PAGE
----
Born in Gallup, New Mexico, Hight worked during World War II as an illustrator and photographic coordinator for Convair in Ft. Worth, Texas. After the war, he and his wife returned to Gallup and opened a photography studio. Hight was a successful photographer and painted in his spare time. In 2007, he and his wife retired to Albuquerque. In the same year he received the MasterWorks Lifetime Achievement Award from MasterWorks of New Mexico, the sponsor of a prestigious annual New Mexico art show.
Provenance:
Historically, the Museum of the American Indian, Heye Foundation managed all photographic materials separately. This collection description represents current management practices of organizing and contextualizing related archival materials.
Restrictions:
Access is by appointment only, Monday - Friday, 9:30 am - 4:30 pm. Please contact the archives to make an appointment.
Rights:
Permission to publish materials from the collection must be requested from National Museum of the American Indian Archive Center. Please submit a written request to nmaiphotos@si.edu. For personal or classroom use, users are invited to download, print, photocopy, and distribute the images that are available online without prior written permission, provided that the files are not modified in any way, the Smithsonian Institution copyright notice (where applicable) is included, and the source of the image is identified as the National Museum of the American Indian.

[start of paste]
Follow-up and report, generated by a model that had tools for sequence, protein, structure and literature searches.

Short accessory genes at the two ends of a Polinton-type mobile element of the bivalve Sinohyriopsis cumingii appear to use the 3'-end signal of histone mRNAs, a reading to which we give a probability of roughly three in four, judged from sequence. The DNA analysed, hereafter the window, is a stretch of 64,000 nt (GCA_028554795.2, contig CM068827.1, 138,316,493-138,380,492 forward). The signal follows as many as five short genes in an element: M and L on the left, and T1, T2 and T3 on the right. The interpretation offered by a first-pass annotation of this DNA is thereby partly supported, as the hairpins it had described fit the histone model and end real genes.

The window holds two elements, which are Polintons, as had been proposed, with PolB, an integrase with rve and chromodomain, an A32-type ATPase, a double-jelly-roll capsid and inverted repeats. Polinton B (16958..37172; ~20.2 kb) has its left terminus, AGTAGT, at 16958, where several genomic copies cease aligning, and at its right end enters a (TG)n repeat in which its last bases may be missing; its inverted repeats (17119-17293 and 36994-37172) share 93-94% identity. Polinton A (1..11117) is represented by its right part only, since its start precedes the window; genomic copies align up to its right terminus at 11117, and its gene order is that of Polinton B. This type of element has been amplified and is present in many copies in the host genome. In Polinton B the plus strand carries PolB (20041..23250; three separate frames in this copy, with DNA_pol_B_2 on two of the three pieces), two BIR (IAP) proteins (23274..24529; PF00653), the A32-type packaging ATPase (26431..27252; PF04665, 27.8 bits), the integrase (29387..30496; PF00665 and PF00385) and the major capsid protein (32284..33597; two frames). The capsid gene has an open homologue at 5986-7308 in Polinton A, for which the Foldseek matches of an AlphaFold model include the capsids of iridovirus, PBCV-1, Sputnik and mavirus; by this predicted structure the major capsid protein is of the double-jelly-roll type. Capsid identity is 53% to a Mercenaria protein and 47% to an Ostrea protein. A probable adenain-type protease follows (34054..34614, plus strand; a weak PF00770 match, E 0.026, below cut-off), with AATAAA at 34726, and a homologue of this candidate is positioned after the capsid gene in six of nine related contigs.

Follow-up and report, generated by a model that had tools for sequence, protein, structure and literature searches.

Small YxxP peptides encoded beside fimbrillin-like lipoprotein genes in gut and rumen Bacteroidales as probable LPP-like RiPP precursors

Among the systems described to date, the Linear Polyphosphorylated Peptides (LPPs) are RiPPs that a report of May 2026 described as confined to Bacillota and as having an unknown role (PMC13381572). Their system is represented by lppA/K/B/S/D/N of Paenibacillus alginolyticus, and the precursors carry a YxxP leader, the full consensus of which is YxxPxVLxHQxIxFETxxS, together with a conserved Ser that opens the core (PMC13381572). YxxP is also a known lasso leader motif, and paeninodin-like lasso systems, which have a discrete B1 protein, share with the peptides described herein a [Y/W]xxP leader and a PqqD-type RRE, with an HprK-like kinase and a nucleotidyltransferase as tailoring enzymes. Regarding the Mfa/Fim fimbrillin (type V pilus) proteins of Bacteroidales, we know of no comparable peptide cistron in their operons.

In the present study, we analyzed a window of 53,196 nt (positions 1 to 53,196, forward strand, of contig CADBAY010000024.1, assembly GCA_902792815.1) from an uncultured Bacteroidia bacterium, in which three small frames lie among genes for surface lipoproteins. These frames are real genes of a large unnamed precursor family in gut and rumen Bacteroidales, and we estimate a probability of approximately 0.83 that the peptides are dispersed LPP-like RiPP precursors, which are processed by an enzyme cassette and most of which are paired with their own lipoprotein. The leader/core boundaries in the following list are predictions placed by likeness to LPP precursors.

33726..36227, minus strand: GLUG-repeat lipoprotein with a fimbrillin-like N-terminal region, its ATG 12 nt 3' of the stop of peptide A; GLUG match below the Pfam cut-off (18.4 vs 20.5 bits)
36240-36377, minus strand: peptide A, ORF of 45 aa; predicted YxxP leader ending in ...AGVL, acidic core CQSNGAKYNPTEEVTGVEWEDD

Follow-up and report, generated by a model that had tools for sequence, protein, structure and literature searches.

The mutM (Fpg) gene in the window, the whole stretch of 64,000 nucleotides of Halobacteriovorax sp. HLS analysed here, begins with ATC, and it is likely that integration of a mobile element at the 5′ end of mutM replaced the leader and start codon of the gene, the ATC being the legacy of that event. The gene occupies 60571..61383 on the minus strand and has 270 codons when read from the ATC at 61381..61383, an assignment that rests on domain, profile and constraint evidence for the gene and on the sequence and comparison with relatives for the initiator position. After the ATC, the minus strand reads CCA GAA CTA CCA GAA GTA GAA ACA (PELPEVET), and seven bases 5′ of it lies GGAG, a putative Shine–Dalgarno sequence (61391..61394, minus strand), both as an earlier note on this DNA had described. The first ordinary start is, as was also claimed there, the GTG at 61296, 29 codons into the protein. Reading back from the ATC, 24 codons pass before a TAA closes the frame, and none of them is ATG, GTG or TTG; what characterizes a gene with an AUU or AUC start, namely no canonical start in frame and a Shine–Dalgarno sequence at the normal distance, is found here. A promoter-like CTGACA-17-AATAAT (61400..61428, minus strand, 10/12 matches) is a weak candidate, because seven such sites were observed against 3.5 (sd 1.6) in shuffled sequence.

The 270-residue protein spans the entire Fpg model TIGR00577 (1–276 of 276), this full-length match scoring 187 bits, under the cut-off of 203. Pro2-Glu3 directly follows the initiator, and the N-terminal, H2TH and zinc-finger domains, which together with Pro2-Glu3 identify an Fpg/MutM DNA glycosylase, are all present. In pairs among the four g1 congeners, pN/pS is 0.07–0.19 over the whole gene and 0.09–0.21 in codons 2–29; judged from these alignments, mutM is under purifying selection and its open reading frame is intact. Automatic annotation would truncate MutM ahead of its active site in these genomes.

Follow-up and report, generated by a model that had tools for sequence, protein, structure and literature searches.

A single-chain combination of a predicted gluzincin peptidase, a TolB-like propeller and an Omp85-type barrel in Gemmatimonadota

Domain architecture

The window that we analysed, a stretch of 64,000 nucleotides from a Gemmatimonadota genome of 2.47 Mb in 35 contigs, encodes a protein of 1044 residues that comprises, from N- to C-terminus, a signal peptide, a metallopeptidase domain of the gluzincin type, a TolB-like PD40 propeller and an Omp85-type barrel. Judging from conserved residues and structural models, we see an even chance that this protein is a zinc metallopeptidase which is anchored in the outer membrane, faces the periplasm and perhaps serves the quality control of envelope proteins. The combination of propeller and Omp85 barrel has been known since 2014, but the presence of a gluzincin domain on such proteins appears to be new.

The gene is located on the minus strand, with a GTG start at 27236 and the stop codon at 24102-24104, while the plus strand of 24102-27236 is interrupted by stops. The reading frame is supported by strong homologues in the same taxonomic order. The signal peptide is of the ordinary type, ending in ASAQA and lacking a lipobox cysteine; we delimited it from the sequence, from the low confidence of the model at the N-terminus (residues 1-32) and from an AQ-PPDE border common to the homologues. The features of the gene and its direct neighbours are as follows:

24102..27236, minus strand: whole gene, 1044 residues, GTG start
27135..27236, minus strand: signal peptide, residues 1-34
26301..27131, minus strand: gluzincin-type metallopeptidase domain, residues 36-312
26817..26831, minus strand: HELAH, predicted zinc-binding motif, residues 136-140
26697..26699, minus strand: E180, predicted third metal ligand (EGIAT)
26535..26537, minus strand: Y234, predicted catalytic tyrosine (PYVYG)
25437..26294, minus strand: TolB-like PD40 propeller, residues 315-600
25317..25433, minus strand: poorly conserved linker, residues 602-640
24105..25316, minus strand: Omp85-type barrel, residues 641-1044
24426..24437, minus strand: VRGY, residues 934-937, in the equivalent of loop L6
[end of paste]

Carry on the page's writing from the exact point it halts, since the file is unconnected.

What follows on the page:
Restricted: Cultural Sensitivity
Topic:
Navajo Indians -- Rites and ceremonies -- Photographs  Search this
Navajo Indians -- Domestic animals -- Arizona -- Photographs  Search this
Sheep -- Arizona -- Photographs  Search this
Genre/Form:
Black-and-white negatives
Color slides
Citation:
George Hight collection of negatives and slides, circa 1963-1964, National Museum of the American Indian Archives, Smithsonian Institution (negative, slide or catalog number).
Identifier:
NMAI.AC.039
Archival Repository:
National Museum of the American Indian
GUID:
https://n2t.net/ark:/65665/sv40e4ef26e-6a90-4796-976a-3e7ac2ac87b1
EDAN-URL:
ead_collection:sova-nmai-ac-039

Matilda Coxe Stevenson photographs

Creator:
Stevenson, Matilda Coxe, 1850-1915  Search this
Photographer:
Wittick & Russell  Search this
Cobb, William Henry, 1859-1909  Search this
Names:
We'wha, 1849-1896  Search this
Extent: